Do you get along with Americans? No? Well, we have a solution for you: play a round of Nazi Zombies on Call of Duty: Black Ops.
A study in Psychology of Violence has found that people of different backgrounds who play co-op video games together gain improved opinions of each other’s social group, along with reduced stereotypes of each other. Researchers had a group of students at Brock fire up Nazi Zombies on Black Ops. Half were told that they were playing a round with a fellow Brock student (true), while the other half were told that they were playing with an American over at the University of Buffalo (false—it was just another Brock student). Prior to the game, they were asked their opinion on the University of Buffalo and Americans in general. After playing about twelve minutes of the game (pff, noobs), they gave opinions once more. The students who thought that they’d been playing with people from the University of Buffalo had “significantly more favourable” opinions towards students from the University of Buffalo and Americans in general.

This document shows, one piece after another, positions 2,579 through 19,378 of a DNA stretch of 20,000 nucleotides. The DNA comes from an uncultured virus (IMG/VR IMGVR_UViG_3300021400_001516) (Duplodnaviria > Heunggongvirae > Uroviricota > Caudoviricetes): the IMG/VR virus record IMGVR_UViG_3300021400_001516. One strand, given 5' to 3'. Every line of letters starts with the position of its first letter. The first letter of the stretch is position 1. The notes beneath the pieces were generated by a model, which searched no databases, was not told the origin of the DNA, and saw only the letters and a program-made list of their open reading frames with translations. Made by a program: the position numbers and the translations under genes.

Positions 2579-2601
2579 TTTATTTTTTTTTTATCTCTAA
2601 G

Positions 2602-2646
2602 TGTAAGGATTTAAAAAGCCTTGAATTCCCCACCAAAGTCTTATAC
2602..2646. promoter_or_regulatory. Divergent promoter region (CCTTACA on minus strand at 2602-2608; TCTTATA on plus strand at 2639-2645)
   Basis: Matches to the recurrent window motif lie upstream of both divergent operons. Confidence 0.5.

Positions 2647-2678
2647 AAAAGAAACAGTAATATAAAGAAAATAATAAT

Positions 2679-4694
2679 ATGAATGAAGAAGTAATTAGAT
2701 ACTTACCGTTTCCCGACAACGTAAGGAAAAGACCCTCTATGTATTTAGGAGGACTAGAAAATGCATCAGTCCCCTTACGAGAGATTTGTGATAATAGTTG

Of course, as video gamers ourselves, we have to wonder what happens when you know you’re playing against someone of a different social group—say, you’re up against a predominantly Russian corporation in Eve.
Either way, we’ll take this as a good excuse to dust off Nazi Zombies . . . in the name of a kinder, gentler world.